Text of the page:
6. Life is lived to the fullest on the footpath

There are no backyards here so life is lived on the street. Funerals, weddings, car washes, parking, markets and food stores are all set up on the footpaths. Neighbours quickly turn into family as you literally live in each other's personal space. Always be aware as you may be handed a beer any time after 10am and it’s rude to refuse. One Sunday morning I was last minute invited to the celebration of a neighbour’s father’s death anniversary:

7. Save face

Visible anger or disappointment is considered a sign of personal weakness and will prevent you progressing in any social or business circle. Never embarrass someone publicly, as making them 'lose face' undermines their reputation as well as your own. Always communicate with respect and sensitivity. To avoid losing face, people may lie. If a friend couldn't actually go out one night, I may only find out a couple of hours before via text. Upfront western communication is blunt and often insensitive to the reputation of others but at least honesty is more so guaranteed. Western society supports self-deprecation, the admittance of fault and imperfection, however showing imperfection in Vietnam, especially in a high position, undermines personal ability. Here it is considered very rude to question a boss, teacher or elder family member due to the high power distance.  

8. Education is a commodity

Ignorance and vulnerability stem from lack of knowledge. The realisation of opportunities that education can bring is highly valued worldwide and especially in Vietnam. Australian international education exports reached a new high of AU$21 billion in 2016-17 (equal to 32% of iron ore export value in the same period). Wealthy Vietnamese families will spend their entire life's savings to send their kids abroad for high school and/or university. English teachers are so well payed here as the language is revered for the international opportunities it unlocks. However, without education that encourages progression of thought and practical implementation we are unable to develop. 

9. Be inquisitive

Living and breathing a new culture forces you to constantly ask questions and discover. My latest google searches include 'why don't they make brown rice in Vietnam' and 'how do you make batteries'. Travelling by yourself also makes you more open to becoming friends with people you wouldn't normally.

Fun fact: there's no brown rice in Vietnam as it's much more expensive than white rice. Both require a milling machine to remove the rice husk however when the bran is not removed (making brown rice) the lipase enzyme is stabilised which makes the grain go off, increasing the costs required to effectively store and transport the grain.

I am constantly challenged and motivated as an engineer, simply looking out the window prompts me to actively think of solutions to the issues surrounding me. Australia is almost too good in its infrastructure and city planning, making engineering skills more valuable in a developing nation context.

10. The north and south divide 

Living in both North Vietnam (Hanoi) and South Vietnam (Dalat and Ho Chi Minh City (HCMC)) has revealed how much their divided past defines present day. Their separate accents ar very distinct, making a northern Vietnamese feel alienated in Southern Vietnam, and vice versa. Even their foods are distinct; for example, fresh spring rolls are hard to find in the North whilst fried spring rolls are hard to find in the South. I am always asked what city I like better as there is constant competition to prove which is better. Hanoi is the political centre which exhibits more traditional cultural elements. Ho Chi Minh City (or Saigon as most locals call it) prides itself on being the more modern, vibrant, internationally-connected and developed city. Saigon is the economic centre; the fast-paced lifestyle brings with it more work opportunities and a hectic night life, drawing young people from rural areas to pursue their dreams. This urban shift to the 2 main cities is constantly increasing - Vietnam’s urban population is 34%, growing at a high rate of 3% per year (World Bank 2016).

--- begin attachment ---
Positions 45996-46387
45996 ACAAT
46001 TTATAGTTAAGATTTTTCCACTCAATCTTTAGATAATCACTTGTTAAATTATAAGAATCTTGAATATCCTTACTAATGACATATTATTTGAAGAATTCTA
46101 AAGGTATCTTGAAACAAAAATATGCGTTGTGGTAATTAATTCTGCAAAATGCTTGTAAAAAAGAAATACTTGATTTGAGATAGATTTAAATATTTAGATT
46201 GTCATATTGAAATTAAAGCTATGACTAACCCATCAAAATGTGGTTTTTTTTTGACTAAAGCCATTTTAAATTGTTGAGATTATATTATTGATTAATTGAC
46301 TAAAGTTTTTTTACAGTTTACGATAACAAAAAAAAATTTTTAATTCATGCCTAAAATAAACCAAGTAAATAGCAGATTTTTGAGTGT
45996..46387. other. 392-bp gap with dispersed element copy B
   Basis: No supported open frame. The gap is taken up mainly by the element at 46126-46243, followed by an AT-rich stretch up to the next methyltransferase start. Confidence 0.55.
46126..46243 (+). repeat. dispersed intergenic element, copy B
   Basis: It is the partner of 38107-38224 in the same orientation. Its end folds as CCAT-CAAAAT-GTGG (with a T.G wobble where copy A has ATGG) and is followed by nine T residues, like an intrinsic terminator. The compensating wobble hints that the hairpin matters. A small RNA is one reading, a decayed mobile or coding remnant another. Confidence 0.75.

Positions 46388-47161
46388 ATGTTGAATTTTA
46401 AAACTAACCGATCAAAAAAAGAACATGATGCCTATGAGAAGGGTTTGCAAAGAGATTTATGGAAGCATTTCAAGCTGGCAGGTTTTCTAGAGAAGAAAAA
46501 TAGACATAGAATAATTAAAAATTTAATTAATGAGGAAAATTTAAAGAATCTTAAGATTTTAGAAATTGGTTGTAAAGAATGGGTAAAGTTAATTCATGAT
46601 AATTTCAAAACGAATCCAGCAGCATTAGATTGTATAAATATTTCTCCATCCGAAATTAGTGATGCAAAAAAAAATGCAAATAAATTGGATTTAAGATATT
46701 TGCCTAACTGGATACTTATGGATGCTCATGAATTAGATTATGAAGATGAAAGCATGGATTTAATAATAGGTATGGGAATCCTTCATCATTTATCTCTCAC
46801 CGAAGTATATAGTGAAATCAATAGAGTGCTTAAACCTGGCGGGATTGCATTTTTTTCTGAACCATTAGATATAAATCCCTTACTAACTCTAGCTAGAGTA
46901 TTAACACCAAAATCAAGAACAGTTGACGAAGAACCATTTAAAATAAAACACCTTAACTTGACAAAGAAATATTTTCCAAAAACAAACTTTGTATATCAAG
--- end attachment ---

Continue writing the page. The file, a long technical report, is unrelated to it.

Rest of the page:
11. LGBTQ rights are progressing

In Hanoi I attended the Mardi Gras event held at the Australian embassy where I proudly giggled at Ambassador Craig Chittick judging the drag queen performances. I also spent a Sunday in HCMC running around with rainbow flags in the city centre with some friends who were all young gay guys struggling to find their identity in modern Vietnam. Whilst they had the freedom to shout out their sexuality in the city centre, many did not have familial support to express their true selves at home, posing a threat to the traditional Vietnamese culture and belief in the conventional relationship between a man and woman. The HCMC pride event was supported by the US Embassy whose ambassador is gay himself and his husband lives with him here in Vietnam.

12. Women rock the hardhats

It is not uncommon to find females on construction sites. As a low-skilled job it provides opportunities for many rural people to find employment when agricultural crop or livestock/fishery yields are low. Many people from the Mekong Delta have come to Saigon in the search for jobs as increasing pollution, salinity and rising sea levels threaten their livelihoods.  Construction worker wages are in general very low, generally $220-280 AUD per month. Plus, women are payed about 20% less and this is evident across most sectors. It is common that construction workers will work on-site during the day and sleep in a make-shift shelter on-site at night, returning to their rural homes on weekends.

13. The middle income trap

Vietnam's GDP increased from US$6.3 billion in 1989, to US$33.6 billion in 2000 and US$202.6 in 2016 (World Bank). The annual GDP growth rate is currently 6.2%. Continuing with current trends, the middle and affluent class (incomes over US$714 per month) in Viet Nam will double in size between 2014 and 2020, from 12 million to 33 million. By 2020, Vietnam’s average per capita income will rise from $1,400 to $3,400 a year (Boston Consulting Group Centre for Consumer and Customer Insight). As a result of this rapid economic growth and rise of the middle class in the past 20 plus years, Overseas Development Aid (ODA) funding has recently decreased significantly. The increased economic power reduces international aid priorities in the region, particularly as Vietnam officially became a middle-income country in 2009. According to the Ministry of Finance, the World Bank stopped offering loans to Vietnam (at low or zero interest rates) from July 2017. This is a huge shift as the World Bank sourced nearly 30% of Vietnam’s low-interest international loans in the past. Although Vietnam is not yet a developed nation, it faces the challenge to enable its own stable long-term development without ODA.